2018 BMJ Best Practice

168. Carbon monoxide poisoning

: early awareness and intervention can save lives. Postgrad Med. 1999;105:39-40,43-48,50. http://www.ncbi.nlm.nih.gov/pubmed/9924492?tool=bestpractice.com History and exam presence of risk factors nausea headache vomiting blurred vision dizziness cutaneous blistering tachycardia hypotension cardiac arrhythmias pulmonary oedema confusion coma seizures focal neurological abnormalities (e.g., hemiplegia) exposure to incomplete combustion of carbon-containing material exposure to methylene chloride (...) sources. Early symptoms are non-specific and include headache, dizziness, and nausea. Increasing exposure results in cardiovascular effects such as myocardial ischaemia, infarction, dysrhythmias, and cardiac arrest. Neurological symptoms include acute stroke-like symptoms, altered mental status, confusion, coma, and syncope. Diagnosis is based on the history, carboxyhaemoglobin levels and the patient’s symptoms. High-flow oxygen therapy, hyperbaric oxygen, and supportive therapy are the key treatments

2018 BMJ Best Practice

169. Subdural haematoma

neurological compromise. Control of raised intracranial pressure using head-of-bed elevation, analgesics, intubation with anaesthetics and sedation, hyperosmolar treatment, external ventricular drainage, barbiturates, or decompression hemicraniectomy may be required. Treatment complications include early or delayed re-accumulation of subdural haematoma, seizures, vascular injury to cortical veins and arteries or dural sinuses adjacent to the haematoma, strokes, persistent neurological deficit, coma (...) , and death. Definition A subdural haematoma is a collection of blood between the dural and arachnoid coverings of the brain. As the volume of the haematoma increases, brain parenchyma is compressed and displaced, and the intracranial pressure may rise and cause herniation. While the presence of subdural haematoma can be inferred by neurological decline and mechanism of traumatic injury, the diagnosis is typically made radiographically (computed tomography or magnetic resonance imaging). History and exam

2018 BMJ Best Practice

170. Wernicke's encephalopathy

are varied but typically include alterations of consciousness, eye movement abnormalities, and gait and balance disorders. Unless treated as an emergency with thiamine replacement parenterally, permanent neurological injury may occur. Definition Wernicke's encephalopathy is a neurological emergency resulting from thiamine deficiency with varied neurocognitive manifestations, typically involving mental status changes and gait and oculomotor dysfunction. History and exam mental slowing, impaired (...) concentration, and apathy frank confusion hx of GI surgery ocular motor findings mental status changes, ophthalmoplegia, and gait dysfunction alcohol dependence pre-existing conditions that predispose to malnutrition: for example, AIDS, cancer, prolonged vomiting, or diarrhoea mild irritability delirium acute psychosis coma miosis, anisocoria, light-near dissociation papilloedema, retinal haemorrhages tachycardia or hypotension hypothermia or hyperthermia hearing loss, seizures, and spastic paraparesis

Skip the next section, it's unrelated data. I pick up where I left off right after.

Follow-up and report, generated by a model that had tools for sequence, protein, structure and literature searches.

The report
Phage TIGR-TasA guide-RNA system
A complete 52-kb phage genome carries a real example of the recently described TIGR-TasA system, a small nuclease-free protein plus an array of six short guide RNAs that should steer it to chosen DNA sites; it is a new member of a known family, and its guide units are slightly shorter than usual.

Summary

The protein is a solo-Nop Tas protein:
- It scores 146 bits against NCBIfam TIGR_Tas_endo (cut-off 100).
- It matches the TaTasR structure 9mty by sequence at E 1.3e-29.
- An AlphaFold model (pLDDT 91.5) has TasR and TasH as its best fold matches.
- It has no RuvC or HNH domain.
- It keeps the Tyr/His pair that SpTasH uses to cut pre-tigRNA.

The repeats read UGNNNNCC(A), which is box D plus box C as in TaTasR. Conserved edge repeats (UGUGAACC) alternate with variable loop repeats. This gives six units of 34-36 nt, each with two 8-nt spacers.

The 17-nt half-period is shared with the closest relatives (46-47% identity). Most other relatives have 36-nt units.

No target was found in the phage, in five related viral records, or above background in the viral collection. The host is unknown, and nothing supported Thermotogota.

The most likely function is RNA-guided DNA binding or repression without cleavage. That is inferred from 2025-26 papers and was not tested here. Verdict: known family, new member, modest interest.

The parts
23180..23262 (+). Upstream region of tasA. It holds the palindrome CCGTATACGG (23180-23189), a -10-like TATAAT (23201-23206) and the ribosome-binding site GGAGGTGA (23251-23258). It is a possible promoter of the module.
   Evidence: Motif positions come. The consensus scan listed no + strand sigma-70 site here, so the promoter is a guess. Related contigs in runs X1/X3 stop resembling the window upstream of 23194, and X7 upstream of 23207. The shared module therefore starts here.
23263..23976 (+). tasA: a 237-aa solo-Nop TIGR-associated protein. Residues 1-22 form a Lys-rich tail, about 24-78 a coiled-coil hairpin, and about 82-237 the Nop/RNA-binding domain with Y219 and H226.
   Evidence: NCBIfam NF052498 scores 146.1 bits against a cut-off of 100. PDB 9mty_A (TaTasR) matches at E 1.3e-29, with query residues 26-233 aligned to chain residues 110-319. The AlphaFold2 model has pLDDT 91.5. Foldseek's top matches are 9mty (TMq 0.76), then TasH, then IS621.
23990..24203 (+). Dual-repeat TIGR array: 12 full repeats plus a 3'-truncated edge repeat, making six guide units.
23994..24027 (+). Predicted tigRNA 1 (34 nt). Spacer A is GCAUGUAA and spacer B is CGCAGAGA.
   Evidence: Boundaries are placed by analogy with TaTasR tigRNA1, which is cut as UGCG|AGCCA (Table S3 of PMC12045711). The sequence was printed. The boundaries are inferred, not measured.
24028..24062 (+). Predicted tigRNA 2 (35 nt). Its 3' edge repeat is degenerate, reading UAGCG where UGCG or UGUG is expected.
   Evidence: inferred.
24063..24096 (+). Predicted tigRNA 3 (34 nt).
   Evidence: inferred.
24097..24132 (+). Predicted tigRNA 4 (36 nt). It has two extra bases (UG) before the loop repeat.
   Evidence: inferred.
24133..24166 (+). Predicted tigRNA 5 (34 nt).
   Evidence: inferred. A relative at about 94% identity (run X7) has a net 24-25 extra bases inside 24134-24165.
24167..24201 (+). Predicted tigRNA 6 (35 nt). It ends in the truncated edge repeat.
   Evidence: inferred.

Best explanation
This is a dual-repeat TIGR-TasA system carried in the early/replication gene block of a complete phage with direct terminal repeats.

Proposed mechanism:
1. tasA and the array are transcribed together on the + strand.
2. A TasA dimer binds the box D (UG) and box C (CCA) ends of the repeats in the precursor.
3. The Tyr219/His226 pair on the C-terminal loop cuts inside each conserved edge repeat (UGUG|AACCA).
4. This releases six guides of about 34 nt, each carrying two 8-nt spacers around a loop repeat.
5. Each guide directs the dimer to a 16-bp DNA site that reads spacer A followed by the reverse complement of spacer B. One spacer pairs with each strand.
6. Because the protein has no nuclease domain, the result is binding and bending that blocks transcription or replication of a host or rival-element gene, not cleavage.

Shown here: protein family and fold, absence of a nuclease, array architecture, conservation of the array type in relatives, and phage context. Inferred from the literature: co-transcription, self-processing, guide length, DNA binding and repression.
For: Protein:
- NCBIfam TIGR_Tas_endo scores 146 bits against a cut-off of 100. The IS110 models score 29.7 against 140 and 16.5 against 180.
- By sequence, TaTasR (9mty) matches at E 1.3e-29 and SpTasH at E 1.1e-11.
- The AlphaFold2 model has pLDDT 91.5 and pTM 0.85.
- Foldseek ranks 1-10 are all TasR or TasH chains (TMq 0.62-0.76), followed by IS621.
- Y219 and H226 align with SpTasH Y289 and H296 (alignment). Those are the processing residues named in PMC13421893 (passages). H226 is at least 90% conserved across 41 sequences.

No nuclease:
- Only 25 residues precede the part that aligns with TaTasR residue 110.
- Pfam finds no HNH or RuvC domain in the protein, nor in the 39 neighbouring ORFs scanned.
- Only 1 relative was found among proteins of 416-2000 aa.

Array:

2018 BMJ Best Practice

171. Electrical injury

no injury. May cause electrical and thermal burns, and secondary injuries due to a fall, severe tetany, or the force of electrical blast. Survivors of high-voltage electrical injury or lightning strikes can suffer long-term sequelae, and regular follow-up is essential. Definition Electrical injuries may be caused by exposure to natural lightning or electricity in the home or workplace. Electrical injury includes electrocution, electric shock, burns, and secondary injuries. History and exam presence (...) of risk factors loss of consciousness pre-hospital CPR or defibrillation tachycardia hypotension low Glasgow coma score burns physical injuries diminished peripheral pulses and poor capillary refill low core body temperature confusion paralysis age <6 years construction industry workers male Diagnostic investigations ECG FBC electrolytes LFTs coagulation studies CK urine myoglobin cardiac enzymes (CK-MB and troponin) toxicology screen CXR plain x-rays head CT head MRI Treatment algorithm ACUTE

2018 BMJ Best Practice

172. Hypothermia

normal limits, typically <35°C (<95°F). History and exam presence of risk factors cold exposure and body temperature <35°C (<95°F) impaired mental state shivering frostbite tachypnoea, tachycardia, hypertension if mild hypothermia respiratory depression, bradycardia, hypotension if moderate hypothermia coma and apnoea if severe hypothermia cold-induced diuresis general anaesthetic use substance abuse impaired mental status hypothyroidism stroke Parkinson's disease neuroleptic medication beta-blocker

2018 BMJ Best Practice

173. Type 1 diabetes

there may be no evidence of autoimmune destruction of pancreatic beta cells; this is called idiopathic type 1 diabetes. History and exam presence of risk factors polyuria polydipsia young age weight loss blurred vision nausea and vomiting abdominal pain tachypnoea lethargy coma genetic predisposition geographic region infectious agents dietary factors Diagnostic investigations random plasma glucose fasting plasma glucose 2-hour plasma glucose plasma or urine ketones A1C (glycosylated haemoglobin

2018 BMJ Best Practice

174. Assessment of delirium

the history, physical examination, or laboratory findings that the disturbance is caused by the direct physiological consequences of a general medical condition, substance intoxication, or substance withdrawal. The changes in attention and cognition must not occur in the context of a severely reduced level of arousal, such as coma. Three clinical subtypes of delirium have been identified. Potter J, George J. The prevention, diagnosis and management of delirium in older people: concise guidelines. Clin Med (...) encephalopathy Renal failure Hypernatraemia Hyponatraemia Hypercalcaemia Meningitis/encephalitis Brain tumour Post-ictal state Dehydration (volume depletion) Constipation Traumatic head injury Adrenal crisis Thyrotoxicosis Myxoedema coma Brain abscess Neurosyphilis Wernicke's encephalopathy Contributors Authors Associate Professor Yale University School of Medicine New Haven CT Disclosures MP is on the writing committee for the American Board of Internal Medicine Critical Care exams. MP has lectured

2018 BMJ Best Practice

175. Syndrome of inappropriate antidiuretic hormone